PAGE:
Tuesday, January 11, 2011

Geographically Weighted Regression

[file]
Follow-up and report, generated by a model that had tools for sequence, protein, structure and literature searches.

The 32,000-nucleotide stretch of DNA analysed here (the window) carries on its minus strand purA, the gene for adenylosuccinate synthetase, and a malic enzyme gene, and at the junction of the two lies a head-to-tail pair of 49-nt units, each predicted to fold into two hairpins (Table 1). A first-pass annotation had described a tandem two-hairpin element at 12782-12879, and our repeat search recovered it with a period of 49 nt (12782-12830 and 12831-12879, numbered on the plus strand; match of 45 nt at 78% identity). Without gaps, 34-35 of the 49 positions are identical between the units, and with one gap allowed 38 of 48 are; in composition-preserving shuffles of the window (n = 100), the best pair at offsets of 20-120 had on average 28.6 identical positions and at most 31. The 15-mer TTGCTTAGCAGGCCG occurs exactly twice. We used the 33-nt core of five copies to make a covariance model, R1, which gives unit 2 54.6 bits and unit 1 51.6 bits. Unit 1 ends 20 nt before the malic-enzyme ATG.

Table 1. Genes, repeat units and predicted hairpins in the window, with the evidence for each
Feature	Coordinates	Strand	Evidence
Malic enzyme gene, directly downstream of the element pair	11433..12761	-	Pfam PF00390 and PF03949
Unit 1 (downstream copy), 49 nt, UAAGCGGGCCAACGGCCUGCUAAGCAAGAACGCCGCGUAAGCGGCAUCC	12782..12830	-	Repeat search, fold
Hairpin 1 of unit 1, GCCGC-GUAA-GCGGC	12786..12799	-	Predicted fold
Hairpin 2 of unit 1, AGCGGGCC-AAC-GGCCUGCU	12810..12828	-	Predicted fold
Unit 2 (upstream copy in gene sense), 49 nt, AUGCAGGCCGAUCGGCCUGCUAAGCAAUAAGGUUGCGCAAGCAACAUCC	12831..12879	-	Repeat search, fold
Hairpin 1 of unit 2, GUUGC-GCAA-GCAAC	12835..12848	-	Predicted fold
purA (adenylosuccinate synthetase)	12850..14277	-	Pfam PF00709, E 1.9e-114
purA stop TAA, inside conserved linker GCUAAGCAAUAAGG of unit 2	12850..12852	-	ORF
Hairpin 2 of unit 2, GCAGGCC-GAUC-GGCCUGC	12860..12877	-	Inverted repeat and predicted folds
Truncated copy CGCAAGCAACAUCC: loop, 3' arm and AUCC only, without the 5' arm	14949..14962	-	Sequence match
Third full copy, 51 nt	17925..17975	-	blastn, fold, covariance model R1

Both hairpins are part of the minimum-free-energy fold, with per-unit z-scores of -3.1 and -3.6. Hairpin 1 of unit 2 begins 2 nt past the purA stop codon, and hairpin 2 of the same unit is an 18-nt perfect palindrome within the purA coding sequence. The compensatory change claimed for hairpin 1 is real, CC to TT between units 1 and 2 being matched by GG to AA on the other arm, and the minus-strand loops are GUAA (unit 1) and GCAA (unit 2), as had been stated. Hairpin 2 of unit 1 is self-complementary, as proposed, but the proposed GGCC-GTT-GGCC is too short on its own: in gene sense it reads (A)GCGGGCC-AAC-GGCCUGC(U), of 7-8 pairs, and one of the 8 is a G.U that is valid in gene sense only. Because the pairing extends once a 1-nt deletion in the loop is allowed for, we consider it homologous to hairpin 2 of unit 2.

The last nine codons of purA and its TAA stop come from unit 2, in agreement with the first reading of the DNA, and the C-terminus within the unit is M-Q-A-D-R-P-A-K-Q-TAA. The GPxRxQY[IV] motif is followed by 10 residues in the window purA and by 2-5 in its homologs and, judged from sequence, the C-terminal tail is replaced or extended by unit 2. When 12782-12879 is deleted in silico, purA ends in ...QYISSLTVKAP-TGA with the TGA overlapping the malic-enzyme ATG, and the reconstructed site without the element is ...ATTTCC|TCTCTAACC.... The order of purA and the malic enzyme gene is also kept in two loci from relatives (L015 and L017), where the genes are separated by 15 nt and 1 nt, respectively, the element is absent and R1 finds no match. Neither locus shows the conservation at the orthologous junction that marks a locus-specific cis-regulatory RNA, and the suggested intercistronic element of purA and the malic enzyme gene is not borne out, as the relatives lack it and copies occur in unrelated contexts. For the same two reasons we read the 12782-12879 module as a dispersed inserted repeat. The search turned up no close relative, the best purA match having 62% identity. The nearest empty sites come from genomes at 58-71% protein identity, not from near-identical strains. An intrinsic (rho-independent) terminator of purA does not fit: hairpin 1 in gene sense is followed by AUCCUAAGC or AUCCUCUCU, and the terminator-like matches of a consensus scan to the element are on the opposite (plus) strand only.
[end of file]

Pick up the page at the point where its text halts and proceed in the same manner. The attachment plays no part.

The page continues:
I finally found out how to do geographically weighted regression! This allows us to look at local changes in a statistical relationship. I tried out the technique by regressing the natural log of arable rent against the natural log of wheat yield. The coefficient on wheat yield will give us the elasticity: the percentage that arable rent changes for a certain percentage of wheat yield. Elasticity is a commonly-used measurement in economics....often used for price and demand. So if a 100% percentage decrease in price for some item caused the demand for that item to double (go up 100%) , we could say that the elasticity was one, or unitary.  I have used elasticity to try to show how much the landlord keeps from the rent. Here is a map indicating the coefficient for the natural log of wheat yield, or the elasticity. To the west, the elasticity is lowest, but rises gradually as we move to the east, towards London. Just why we should see this very clear trend is highly interesting. Any ideas?

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